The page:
"Your first creation."


"How's it going?"

"I'll admit it's been a while."

"How long?"

"A few billion years. I've lost count. The server can tell us."

"And nothing?"

"Nothing. It just sort of is."

"Just being."


"Some might say it has already attained enlightenment."

"I was hoping for a bit more."

"Not much to look at, that's for sure."


"How long do you wish to keep it?"

"We have the space, and since it's my first, I figure why not."

"True, true."


"There's something," it thought. "Something."

"It could be something," it thought again after a long while.

"What is it? I can feel it."

Another eternity passed.

"I do believe I like this," it thought. "This something."

"Yes, I like it, I really do."

"Mo," it thought, "I must have mo!"

But there was none.

"Mo!" it thought again. "Mo!"

Nothing happened.

It wasn't enough.

"Mo, mo, mo!" it screamed.

There was no one to hear it scream.

"Mo!" It still didn't know what it was, but it knew it wanted it. The first desire.

But nothingness doesn't give way so easily.

It was getting desperate. It could barely contain itself. It would have gasped for air, if air existed and if it had lungs, but neither was true.

"Mo!" it screamed desperately. It would have been heaving, if such a thing as heaving were real.

Just as its mind was about to explode, a sudden peace came over it.

"Om..." it thought.

It found calm in the nothingness.

"Om..." it thought.

Yes, something was still there.

It was warm. It was comforting.

"Mo!" it thought.

"Om..." it thought.

And that something formed out of nothing, with large gentle arms that picked it up, and cradled it to her bosom.

The quote, "Mother is the name for God in the lips and hearts of little children," is originally attributable to William Makepeace Thackeray in his 19th century serial novel, Vanity Fair. In contemporary media, the quote is memorable for its use in the James O'Barr graphic novel, The Crow, and subsequent motion picture.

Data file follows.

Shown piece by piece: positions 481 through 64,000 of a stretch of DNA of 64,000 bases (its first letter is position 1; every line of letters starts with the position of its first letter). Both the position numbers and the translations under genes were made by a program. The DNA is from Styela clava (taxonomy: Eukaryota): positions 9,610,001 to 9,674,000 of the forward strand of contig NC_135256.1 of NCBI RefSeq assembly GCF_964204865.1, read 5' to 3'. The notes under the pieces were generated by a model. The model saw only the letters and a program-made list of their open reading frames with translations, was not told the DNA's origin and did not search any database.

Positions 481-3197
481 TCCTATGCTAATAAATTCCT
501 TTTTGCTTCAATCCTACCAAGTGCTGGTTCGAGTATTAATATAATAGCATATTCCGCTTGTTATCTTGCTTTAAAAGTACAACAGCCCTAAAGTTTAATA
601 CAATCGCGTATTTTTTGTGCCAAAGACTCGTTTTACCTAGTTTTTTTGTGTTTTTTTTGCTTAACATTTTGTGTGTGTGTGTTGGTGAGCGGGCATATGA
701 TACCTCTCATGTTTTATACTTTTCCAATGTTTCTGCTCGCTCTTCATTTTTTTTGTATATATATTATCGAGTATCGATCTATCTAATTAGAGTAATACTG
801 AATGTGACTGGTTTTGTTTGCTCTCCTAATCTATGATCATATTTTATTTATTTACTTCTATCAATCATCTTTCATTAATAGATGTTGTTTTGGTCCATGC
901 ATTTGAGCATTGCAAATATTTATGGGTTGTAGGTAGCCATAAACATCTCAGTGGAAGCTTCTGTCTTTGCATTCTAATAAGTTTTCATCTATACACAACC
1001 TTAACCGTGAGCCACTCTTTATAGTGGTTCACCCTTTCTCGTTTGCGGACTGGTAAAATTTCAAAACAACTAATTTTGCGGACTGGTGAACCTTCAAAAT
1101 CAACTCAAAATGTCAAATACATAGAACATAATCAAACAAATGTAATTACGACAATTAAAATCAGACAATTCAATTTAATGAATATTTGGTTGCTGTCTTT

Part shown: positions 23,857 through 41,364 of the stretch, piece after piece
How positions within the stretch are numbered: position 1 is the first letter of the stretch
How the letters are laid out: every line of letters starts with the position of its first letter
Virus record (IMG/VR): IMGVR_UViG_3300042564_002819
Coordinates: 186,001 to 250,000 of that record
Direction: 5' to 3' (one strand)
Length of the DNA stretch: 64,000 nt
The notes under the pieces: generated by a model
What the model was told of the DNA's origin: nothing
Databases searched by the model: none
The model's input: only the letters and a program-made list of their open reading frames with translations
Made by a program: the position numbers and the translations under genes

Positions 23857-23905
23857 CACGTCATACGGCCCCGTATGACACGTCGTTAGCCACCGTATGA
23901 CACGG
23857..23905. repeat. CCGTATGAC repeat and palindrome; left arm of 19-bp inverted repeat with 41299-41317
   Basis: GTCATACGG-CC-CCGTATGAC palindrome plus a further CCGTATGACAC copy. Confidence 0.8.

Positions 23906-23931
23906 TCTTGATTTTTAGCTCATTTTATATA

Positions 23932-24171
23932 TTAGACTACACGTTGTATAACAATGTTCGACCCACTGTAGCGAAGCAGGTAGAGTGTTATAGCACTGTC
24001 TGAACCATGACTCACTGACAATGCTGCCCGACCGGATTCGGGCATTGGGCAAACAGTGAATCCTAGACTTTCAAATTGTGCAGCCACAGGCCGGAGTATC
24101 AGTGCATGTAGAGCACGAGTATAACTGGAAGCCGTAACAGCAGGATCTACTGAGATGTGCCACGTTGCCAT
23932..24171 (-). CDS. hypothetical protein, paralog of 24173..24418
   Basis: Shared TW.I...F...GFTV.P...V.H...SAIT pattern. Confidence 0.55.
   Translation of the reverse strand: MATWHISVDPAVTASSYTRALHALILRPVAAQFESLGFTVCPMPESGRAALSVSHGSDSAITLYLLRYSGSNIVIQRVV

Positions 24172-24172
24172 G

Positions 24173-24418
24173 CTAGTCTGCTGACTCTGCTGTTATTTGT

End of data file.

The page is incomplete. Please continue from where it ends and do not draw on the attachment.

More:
In the original novel by Thackeray, the quote is used to describe a minor character, Rawdon Crowley the minor. Rawdon's mother, a social climber at the height of her material wealth, is emotionally distant to her son. Rather than yearning for the affections of his mother, the boy is observed by his maid as frequently engrossed in admiring his mother's precious jewelry and expensive clothing.

"Sometimes, when she was away, and Dolly his maid was making his bed, he came into his mother's room. It was as the abode of a fairy to him--a mystic chamber of splendour and delights. There in the wardrobe hung those wonderful robes--pink and blue and many-tinted. There was the jewel-case, silver-clasped, and the wondrous bronze hand on the dressing-table, glistening all over with a hundred rings. There was the cheval-glass, that miracle of art, in which he could just see his own wondering head and the reflection of Dolly (queerly distorted, and as if up in the ceiling), plumping and patting the pillows of the bed. Oh, thou poor lonely little benighted boy! Mother is the name for God in the lips and hearts of little children; and here was one who was worshiping a stone!" 1

In O'Barr's graphic novel, a resurrected Eric Draven (The Crow) is on a mission to exact revenge upon the gangsters who killed him and his wife. Eric meets a child waiting outside the apartment flat of one of his murderers, the junkie Fun Boy. Inside, Eric finds the child's mother in bed with Fun Boy. Before dealing with Fun, Eric confronts the mother, quoting Thackeray whilst entreating her to amend her motherly affections to the girl awaiting outside. 2


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